Do you believe in Time Travel? Stephen Hawking does, and he believes that the majority of the world’s physicists are mistaken in their denial of time travel. Indeed, all that is required is “one wormhole, the Large Hadron Collider, or a really, really fast rocket.” Hawking is not alone in his belief in the possibility of time travel.
Sir Arthur Clarke, author of 2001: A Space Odyssey, famously asserted that “when a prominent scientist asserts an impossibility, he is very likely mistaken.” As Hawking puts it, “Although I am unable to move and must communicate by computer, I am free in my thoughts.” Free to explore the cosmos and ponder major topics such as: is time travel possible? Is it possible to create a doorway to the past or a shortcut to the future? Can we eventually employ natural rules to become masters of time?”
However, numerous prominent scientists, like Charles Liu (“One Universe: At Home in the Cosmos”) and Michio Kaku (“Hyperspace”), support the notion of time travel. True to Clarke’s thesis, which is sometimes lovingly referred to as “Clarke’s Law,” each argument appears to be a cause to anticipate time travel rather than a reason to rule it out. One of the difficulties, as Professor Greene points out, is that all time-travel theories operate at the very edge of known physics, making them highly improbable to work — all the more so given that stretching the edges of our understanding is how new discoveries are discovered. As Sir Clarke once stated, “the only way to learn the boundaries of the achievable is to travel slightly beyond them into the impossible.”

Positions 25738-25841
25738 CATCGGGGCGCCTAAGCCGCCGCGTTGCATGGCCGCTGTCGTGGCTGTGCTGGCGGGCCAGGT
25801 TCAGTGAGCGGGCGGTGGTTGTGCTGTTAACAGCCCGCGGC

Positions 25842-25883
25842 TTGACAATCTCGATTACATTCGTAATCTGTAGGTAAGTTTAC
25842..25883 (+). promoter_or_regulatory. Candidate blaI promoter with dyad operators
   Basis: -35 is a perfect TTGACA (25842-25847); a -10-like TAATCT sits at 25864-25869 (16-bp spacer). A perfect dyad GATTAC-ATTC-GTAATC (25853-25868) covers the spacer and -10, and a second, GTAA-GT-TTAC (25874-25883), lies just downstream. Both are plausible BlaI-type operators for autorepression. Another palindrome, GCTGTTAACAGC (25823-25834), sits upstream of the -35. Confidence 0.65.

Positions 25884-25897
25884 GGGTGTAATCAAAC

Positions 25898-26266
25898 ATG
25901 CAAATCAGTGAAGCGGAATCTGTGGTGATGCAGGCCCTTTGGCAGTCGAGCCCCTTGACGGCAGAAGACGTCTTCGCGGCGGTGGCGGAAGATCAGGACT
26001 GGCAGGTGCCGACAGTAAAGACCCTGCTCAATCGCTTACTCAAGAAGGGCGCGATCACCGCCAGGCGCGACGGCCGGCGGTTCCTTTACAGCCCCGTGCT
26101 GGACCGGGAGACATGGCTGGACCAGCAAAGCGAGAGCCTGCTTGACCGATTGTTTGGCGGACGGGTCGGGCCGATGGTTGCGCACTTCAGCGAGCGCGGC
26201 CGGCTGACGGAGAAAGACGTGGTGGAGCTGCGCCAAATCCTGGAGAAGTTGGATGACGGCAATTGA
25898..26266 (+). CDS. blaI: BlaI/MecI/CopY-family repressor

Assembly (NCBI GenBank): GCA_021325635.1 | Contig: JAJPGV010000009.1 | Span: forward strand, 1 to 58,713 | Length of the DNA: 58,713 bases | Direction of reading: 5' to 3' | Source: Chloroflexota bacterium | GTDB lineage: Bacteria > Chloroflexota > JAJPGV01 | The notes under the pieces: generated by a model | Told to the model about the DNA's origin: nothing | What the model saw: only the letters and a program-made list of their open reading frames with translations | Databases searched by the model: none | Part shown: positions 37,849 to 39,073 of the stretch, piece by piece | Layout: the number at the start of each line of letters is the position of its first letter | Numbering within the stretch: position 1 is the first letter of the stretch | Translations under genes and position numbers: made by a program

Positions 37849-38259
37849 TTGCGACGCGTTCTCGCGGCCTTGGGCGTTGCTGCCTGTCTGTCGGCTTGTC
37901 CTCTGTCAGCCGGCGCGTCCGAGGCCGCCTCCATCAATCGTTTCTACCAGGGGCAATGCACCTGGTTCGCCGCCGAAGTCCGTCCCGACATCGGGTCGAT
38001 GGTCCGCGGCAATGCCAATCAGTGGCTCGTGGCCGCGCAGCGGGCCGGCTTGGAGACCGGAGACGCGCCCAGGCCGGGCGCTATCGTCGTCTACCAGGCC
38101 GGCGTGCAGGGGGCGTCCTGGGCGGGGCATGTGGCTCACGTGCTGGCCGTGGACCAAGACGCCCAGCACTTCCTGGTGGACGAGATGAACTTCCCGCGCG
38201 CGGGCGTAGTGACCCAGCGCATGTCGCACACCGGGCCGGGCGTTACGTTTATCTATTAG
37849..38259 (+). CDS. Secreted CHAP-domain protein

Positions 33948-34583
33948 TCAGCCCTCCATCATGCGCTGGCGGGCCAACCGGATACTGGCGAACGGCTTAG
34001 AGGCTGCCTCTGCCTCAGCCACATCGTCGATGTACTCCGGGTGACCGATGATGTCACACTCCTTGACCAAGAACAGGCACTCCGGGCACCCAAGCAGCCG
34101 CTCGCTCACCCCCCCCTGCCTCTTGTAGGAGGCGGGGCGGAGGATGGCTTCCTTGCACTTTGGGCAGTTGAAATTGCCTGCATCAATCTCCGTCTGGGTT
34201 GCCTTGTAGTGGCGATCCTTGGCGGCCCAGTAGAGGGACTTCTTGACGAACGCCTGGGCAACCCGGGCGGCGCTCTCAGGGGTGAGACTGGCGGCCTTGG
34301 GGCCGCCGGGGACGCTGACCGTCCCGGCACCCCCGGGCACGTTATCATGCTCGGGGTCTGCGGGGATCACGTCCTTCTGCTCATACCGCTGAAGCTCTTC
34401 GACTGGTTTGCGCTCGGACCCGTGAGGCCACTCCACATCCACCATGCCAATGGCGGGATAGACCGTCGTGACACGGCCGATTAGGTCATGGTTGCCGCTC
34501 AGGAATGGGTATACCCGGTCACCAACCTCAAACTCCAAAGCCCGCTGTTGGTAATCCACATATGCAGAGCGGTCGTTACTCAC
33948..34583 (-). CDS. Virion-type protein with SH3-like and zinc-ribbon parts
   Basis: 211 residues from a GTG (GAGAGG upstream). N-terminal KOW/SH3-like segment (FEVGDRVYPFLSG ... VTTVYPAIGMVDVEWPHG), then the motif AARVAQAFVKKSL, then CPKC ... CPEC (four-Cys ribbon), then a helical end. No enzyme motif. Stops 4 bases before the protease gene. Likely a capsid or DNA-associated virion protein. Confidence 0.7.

Stephen Hawking puts it succinctly:
"I have a firm belief in time travel. Travel through time to the future. Time runs like a river, and it appears as though each of us is dragged along ceaselessly by the tide of time. However, time is similar to a river in another aspect. It flows at varying speeds in different locations, which is necessary for traveling into the future. Albert Einstein introduced this concept more than a century ago."